Desert Isle Keeper Review

Flirting with Italian

Liz Fielding
December 2011, Series Romance
Har Rom #4282, $4.99, 185 pages, Amazon ASIN 0373177720

Grade: A-
Sensuality: Subtle

This book sounded trite: A recently dumped heroine lands a dream job in Rome and meets a gorgeous Italian Count. Fortunately, trite is the last thing it proved to be. While it started off light and pleasant, by the end I realize just how textured and deep the characters are, and how lovely the story is. This is a good one.

Sarah Gratton was dumped by her fiancée after he fell in love with another teacher at the school where they both taught. While the ex nobly took a job elsewhere, Sarah couldn’t live with the situation. She knew her ex was more popular at the school than she and couldn’t face teaching in the same place where they fell in love. Luckily, Sarah landed a job at an international school in Rome.

Before Sarah leaves for Rome, her great-grandfather reminds her of his experiences in Italy during World War II when he was rescued and hidden by a beautiful Italian woman. After the war he went back to his wife and son in England and never saw or heard from the woman again. He encourages Sarah to get over her fiancée by having a memorable fling in Italy.

Sarah doesn’t discard the notion of a fling, but also decides to learn more about her great-grandfather’s rescuer. On one of her first weekends in Rome Sarah heads out to the countryside where her great-grandfather was hidden. Instead of learning anything about the woman, Sarah runs into a gorgeous man. Unfortunately, the handsome stranger seems determined to kick her off his property.

Matteo di Serrone – an Italian count - doesn’t buy Sarah’s explanation that she’s just a tourist. His famous family has been hounded by paparazzi and he’s convinced Sarah is one of them. Even though Matteo doesn’t trust Sarah initially, they engage in some fun banter as Sarah “interviews” him for the position of her lover. It’s all very tongue-in-cheek on both their parts. Sarah isn’t the type to have a fling with a stranger and, while Matteo may have done so in the past, he’s changed. Burned by a woman who used him to gain access to his family, Matteo gave up his high profile, playboy life and now devotes himself to the family winery.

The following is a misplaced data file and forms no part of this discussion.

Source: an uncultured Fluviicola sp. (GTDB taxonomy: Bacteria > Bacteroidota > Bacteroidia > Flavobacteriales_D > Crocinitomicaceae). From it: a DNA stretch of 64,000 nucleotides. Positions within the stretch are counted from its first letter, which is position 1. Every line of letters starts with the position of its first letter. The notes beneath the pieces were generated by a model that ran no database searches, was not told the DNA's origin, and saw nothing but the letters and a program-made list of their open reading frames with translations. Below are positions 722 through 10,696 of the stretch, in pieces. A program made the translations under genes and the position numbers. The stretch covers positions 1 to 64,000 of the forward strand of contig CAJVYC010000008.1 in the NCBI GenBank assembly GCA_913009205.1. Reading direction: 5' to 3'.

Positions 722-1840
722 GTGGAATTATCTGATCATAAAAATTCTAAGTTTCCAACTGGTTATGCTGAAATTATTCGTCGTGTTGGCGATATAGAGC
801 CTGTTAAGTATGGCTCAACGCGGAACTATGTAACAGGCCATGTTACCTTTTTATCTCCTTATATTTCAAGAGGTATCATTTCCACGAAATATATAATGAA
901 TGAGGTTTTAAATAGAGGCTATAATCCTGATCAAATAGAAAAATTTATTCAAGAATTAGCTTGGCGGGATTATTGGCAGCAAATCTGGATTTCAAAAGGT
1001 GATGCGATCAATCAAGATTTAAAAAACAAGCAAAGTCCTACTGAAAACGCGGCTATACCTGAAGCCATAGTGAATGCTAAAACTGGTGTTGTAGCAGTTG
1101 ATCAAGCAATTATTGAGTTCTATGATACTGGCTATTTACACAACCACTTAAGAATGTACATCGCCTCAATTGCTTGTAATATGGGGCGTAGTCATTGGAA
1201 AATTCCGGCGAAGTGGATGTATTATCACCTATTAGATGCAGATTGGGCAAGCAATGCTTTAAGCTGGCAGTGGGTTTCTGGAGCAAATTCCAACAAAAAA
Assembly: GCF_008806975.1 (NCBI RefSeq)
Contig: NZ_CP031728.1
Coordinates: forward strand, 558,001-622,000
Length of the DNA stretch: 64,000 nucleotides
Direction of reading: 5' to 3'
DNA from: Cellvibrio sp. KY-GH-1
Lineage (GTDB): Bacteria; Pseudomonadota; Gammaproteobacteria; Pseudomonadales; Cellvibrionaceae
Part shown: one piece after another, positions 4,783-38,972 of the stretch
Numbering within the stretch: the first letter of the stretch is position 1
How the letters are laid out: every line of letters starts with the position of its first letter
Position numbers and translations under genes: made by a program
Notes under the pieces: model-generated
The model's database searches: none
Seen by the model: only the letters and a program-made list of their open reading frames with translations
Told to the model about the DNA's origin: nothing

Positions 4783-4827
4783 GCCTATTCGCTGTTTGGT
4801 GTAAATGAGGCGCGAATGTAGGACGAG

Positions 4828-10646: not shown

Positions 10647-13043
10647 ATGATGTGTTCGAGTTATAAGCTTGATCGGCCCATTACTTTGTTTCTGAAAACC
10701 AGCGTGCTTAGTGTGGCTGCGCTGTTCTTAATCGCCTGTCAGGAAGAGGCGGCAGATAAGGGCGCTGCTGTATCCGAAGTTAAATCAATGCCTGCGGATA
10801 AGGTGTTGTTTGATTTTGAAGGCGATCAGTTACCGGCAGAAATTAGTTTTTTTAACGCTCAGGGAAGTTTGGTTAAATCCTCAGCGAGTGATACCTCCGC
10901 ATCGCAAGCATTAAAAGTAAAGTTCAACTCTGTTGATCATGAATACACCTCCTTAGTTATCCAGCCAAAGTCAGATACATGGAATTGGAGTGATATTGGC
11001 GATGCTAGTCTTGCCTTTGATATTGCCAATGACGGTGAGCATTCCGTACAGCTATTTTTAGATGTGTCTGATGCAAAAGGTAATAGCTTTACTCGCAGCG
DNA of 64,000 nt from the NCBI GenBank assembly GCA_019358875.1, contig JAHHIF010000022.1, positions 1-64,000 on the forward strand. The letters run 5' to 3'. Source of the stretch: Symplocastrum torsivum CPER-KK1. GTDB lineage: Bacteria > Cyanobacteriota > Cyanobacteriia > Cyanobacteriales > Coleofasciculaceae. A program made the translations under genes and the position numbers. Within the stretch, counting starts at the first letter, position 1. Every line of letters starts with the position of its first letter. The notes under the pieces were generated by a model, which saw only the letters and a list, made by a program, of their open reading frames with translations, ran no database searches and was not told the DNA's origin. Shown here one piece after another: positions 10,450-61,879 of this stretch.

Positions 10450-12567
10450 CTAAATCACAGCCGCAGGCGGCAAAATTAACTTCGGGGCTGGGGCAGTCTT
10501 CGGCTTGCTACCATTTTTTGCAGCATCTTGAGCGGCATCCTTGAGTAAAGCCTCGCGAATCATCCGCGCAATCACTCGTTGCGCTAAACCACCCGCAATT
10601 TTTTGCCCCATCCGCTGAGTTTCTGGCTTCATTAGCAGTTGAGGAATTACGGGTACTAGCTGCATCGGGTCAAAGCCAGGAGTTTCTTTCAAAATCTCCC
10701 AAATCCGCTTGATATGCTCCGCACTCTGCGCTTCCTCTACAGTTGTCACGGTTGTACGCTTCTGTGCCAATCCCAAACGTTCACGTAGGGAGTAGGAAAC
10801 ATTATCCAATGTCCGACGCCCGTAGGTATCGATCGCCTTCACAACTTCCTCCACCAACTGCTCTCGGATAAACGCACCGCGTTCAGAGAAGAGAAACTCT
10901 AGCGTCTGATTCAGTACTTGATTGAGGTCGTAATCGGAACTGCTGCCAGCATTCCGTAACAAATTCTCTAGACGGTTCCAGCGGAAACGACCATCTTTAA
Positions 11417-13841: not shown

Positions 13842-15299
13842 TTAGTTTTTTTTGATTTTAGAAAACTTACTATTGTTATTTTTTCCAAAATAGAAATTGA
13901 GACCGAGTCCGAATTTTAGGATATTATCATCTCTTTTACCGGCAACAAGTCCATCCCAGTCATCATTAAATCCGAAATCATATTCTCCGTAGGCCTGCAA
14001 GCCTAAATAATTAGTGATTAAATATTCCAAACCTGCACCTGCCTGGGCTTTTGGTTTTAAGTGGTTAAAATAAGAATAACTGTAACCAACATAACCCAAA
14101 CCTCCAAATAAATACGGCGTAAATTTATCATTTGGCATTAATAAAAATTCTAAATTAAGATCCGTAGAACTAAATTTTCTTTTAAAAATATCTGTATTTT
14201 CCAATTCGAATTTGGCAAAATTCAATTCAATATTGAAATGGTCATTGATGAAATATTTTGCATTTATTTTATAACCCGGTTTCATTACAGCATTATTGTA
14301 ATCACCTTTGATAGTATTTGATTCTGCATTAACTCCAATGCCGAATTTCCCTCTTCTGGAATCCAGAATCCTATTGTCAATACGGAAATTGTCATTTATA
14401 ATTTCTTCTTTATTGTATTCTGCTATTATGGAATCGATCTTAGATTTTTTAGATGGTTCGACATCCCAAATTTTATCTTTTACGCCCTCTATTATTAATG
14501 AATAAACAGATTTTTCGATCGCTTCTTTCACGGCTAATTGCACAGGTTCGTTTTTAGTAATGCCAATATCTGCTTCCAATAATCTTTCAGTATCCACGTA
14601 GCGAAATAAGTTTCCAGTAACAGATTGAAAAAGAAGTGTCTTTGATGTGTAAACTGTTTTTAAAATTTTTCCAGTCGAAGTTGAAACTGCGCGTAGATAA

The author did a good job of slowly unfolding the layers of Sarah and Matteo; both are more than they appear on the surface. Matteo is a lot more than a sexy Count. He loves and protects his family and is devoted to agriculture research. Sarah, on the other hand, isn’t the selfless, bland, goody-two shoes that she first appears.

I enjoyed the author’s technique of beginning each chapter with an excerpt from Sarah’s blog. It helped show the changes she went through while in Rome, and also provided insights into her growing relationship with Matteo.

I’ve never been to Rome or the outlying countryside, but the author brought them alive for me. I felt as if I was there, and could smell and see the sights right along with Sarah.

I’ve read a quite a few of the author’s books. Some have been enjoyable while others were forgettable. As I closed the book on the last page I found myself crying a few happy tears. I loved this one and know I will read it again at some point in the future. It’s on my keeper shelf.

-- LinnieGayl Kimmel

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